2. "Still Getting Younger" by Wynter Gordon
3. "Stars" by Fun.
4. "School's Out" by Alice Cooper
5. "Where does the Good Go?" by Tegan and Sara
6. "And Then Some" by Ozzie Nelson and his Orchestra
7. "Emily" by MIKA
8. "American" by Lana Del Rey
9. "Theme from Lawrence of Arabia" as performed by the 101 Strings Orchestra
10. "Annie" by James Blunt
11. "Applause" by Lady Gaga
12. "Never Grow Up" by Taylor Swift

Wednesday, July 31, 2013

Robin Thicke, Blurred Lines: Album Review

It's amazing what you can get away with when you've got
a pretty face. Robin Thicke is fueled almost completely by sex
appeal with a sprinkling of shock value.

Name: Blurred Lines
Artist: Robin Thicke
Released: July 30, 2013
Label: Star Trak -- Interscope
Genre: R&B, pop, soul
Produceers: The Cateracs, Cirkut, Dr. Luke, Jerome Harmon, Pharell, ProJay, Robin Thicke, Timbaland,

Robin Thicke's music serves a definitive purpose: Getting girls in bed.  This in mind, it's no surprise that there is not much more than dirty lyrics, buttery-smooth voice, and club-meets-Motown undertones of his most recent album, Blurred Lines. 
Thicke is smooth. This cannot be denied. His talents lie in hooking people in with his lazy drawl and his sultry falsetto.  Not unlike other popular artists like Justin Timberlake, there's a lot of sex appeal mixed with good-boy charm.  However, unlike Justin Timberlake, sex appeal is pretty much all this guy's got.  But if you get down to brass tacks, sometimes it doesn't matter what you do, as long as you look good doing it.  And Thick is dang fine
Blurred Lines is campy and playful, but generic and stylistically sprawled. Thicke clumsily attempts to branch out from his token R&B crooner style into the world of pop and dance.
We are constantly getting pulled back and forth from the warm ballroom hall to the dark nightclubs from track to track.  Almost right away, Thicke stumbles from the washed-up Motown-style of "Ain't No Hat 4 That" and "Get in My Way" to the herky-jerky hodge-podge of electronic hooks in "Give it 2 U," which is a song who's highest point is actually not Thicke but featured artist Kendrick Lamar. Thicke tries to rap himself in "Top of the World," and that just didn't work.
It is important for listeners to understand that this album cannot be defined by the style (or the success) of its leading number-one single, "Blurred Lines."  Little else on the album can even hold a candle to the quality of that one opening track. I fear that many will buy this album with false expectations.  That's the curse of the single, right there.  You get ONE song to Number 1, and people assume they're all gonna be that caliber.  Unfortunately, you don't really get too much of the minimal and catchy "Blurred Lines" for the rest of the album.  Most of it is Thicke trying to be Enrique, Justin, and Bruno all at the same time.
One thing an artist must do -- especially when he's on the fringe of his field to begin with -- is to stick to his strengths.  If sex appeal was what sold his previous album Love After War, perhaps he should stick to the creamy voice and take-me-I'm-yours lyricism.  You hear this once in a while on Blurred Lines. "Ooo La La" is a decently romantic track, as well as "Go Stupid 4 U."  And I dig the minor-key ukulele in the dance ballad "Feel Good." And while "Give it 2 U" is helter-skelter in its hooks, the Deluxe Edition track "Pressure" is a little more successful in its delivery of dance-worthy beats.  Why that song couldn't have made it onto the basic album set, I do not know.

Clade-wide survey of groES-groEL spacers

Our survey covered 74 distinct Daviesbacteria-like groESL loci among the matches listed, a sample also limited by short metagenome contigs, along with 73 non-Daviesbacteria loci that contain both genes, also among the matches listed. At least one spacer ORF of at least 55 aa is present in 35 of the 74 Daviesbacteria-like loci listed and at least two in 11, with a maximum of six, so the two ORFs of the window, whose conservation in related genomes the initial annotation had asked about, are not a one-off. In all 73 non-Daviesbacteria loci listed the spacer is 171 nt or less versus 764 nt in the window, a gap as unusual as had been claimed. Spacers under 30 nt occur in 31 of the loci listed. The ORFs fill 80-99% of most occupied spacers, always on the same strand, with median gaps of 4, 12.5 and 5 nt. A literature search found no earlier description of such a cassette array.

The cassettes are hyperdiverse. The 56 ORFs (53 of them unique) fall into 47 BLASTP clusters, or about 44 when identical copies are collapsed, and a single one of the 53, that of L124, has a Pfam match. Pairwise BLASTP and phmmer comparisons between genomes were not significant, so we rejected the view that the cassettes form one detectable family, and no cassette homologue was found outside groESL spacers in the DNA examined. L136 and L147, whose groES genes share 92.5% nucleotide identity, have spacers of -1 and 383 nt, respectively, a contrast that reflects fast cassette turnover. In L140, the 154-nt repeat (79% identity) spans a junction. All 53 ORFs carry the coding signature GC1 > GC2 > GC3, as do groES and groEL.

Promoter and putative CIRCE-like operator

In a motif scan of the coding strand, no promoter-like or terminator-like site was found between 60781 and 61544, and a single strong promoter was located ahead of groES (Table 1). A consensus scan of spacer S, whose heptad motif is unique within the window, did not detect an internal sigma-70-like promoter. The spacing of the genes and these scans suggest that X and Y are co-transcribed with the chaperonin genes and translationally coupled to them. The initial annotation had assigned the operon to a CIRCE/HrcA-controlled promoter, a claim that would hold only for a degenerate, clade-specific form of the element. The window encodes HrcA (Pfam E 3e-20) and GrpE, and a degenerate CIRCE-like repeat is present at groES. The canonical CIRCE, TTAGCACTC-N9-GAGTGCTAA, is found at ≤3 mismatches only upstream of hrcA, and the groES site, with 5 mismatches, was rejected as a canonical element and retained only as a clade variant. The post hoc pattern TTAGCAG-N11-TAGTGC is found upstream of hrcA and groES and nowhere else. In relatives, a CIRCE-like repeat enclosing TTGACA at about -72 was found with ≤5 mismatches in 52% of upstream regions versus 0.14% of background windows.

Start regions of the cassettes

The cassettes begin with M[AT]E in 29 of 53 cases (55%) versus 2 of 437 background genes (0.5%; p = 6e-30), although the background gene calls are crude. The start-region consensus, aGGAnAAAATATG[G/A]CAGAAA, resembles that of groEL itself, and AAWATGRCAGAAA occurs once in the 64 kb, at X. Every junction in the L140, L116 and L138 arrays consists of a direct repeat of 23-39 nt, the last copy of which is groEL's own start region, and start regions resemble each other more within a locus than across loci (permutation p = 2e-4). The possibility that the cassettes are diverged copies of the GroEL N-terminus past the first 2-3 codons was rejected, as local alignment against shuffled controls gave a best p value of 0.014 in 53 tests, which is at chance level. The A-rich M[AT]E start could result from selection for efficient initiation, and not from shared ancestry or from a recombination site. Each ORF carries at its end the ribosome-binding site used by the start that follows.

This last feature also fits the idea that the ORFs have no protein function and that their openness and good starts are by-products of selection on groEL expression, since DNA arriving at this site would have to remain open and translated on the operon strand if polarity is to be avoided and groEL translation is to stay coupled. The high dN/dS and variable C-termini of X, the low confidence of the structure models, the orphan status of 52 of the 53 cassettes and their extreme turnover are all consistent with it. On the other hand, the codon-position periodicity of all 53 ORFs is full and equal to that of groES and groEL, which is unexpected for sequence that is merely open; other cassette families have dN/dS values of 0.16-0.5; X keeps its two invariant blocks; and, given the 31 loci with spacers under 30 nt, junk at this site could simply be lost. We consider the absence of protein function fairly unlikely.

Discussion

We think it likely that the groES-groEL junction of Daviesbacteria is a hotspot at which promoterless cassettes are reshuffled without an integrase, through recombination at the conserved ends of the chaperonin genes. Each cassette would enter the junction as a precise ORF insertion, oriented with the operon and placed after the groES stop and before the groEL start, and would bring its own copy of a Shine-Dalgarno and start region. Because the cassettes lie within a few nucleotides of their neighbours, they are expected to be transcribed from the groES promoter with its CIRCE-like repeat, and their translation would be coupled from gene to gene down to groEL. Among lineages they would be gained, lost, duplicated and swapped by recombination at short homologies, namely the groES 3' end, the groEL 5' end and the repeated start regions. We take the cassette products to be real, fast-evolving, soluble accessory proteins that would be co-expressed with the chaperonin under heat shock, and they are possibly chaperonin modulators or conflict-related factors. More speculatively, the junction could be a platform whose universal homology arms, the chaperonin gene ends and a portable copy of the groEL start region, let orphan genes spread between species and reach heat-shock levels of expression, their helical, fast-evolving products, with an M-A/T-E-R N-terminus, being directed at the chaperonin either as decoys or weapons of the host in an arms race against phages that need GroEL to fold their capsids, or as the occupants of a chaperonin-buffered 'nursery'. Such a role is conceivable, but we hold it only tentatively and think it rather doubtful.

One of the highest points on this album is the final track -- and ironically the one song that isn't about sex,"The Good Life."  If this rocking waltz were on the radio, I probably would take a minute before switching the station.  Odds are this track will get lost amid the rubbish.
And then, of course, there's "Blurred Lines," the first track, and the song of the summer.  Without a doubt, this song on its own is ingenious.  It's very catchy and dang sexy, but it's also minimal, stealthy, and complex.  You don't get the initial... well... "rapyness" of the song upon first listen, and that's the genius of it! No bells and whistles on this track -- just a groovy bass and Thicke's playful tone, mixed with Pharell's jovial interjections and T.I.'s no-nonsense attitude, reels you in, cushions the blow and creates a very subtle scandal; proof that sometimes, the best way to sell sex is to patiently whisper and wait for the audience to come to you, rather than scream and shout.  The music epitomized its own lyric message: "You know you want it."
It was an obvious move to release this single - as well as it's shocking video -- as the album's sole promotion, and it's a shame that the whole album isn't this clever. Immediately following this masterpiece of a hit, you get "Take it Easy on Me," which is not only super obvious in its intentions, but generic in its electronica and Enrique-esque lyricism.  Sadly, this song is a better representation of what you'll hear for the rest of the album.  Too much of this record is just THERE, without depth and substance.
But, of course, you must consider the audience and purpose. If you want a mottled smorgasbord of musical foreplay for any occasion, you've got it here.  You've got flirt, you've got passion, and you've got downright maniacal craft. But as far as success and reception go, Thicke may end up being no more than a guilty pleasure for most. If you're looking for the next dreamboat with some significant talent in R&B, pass on this album and take a chance on JT's new disc instead.

I give this album a 5.5 out of 10.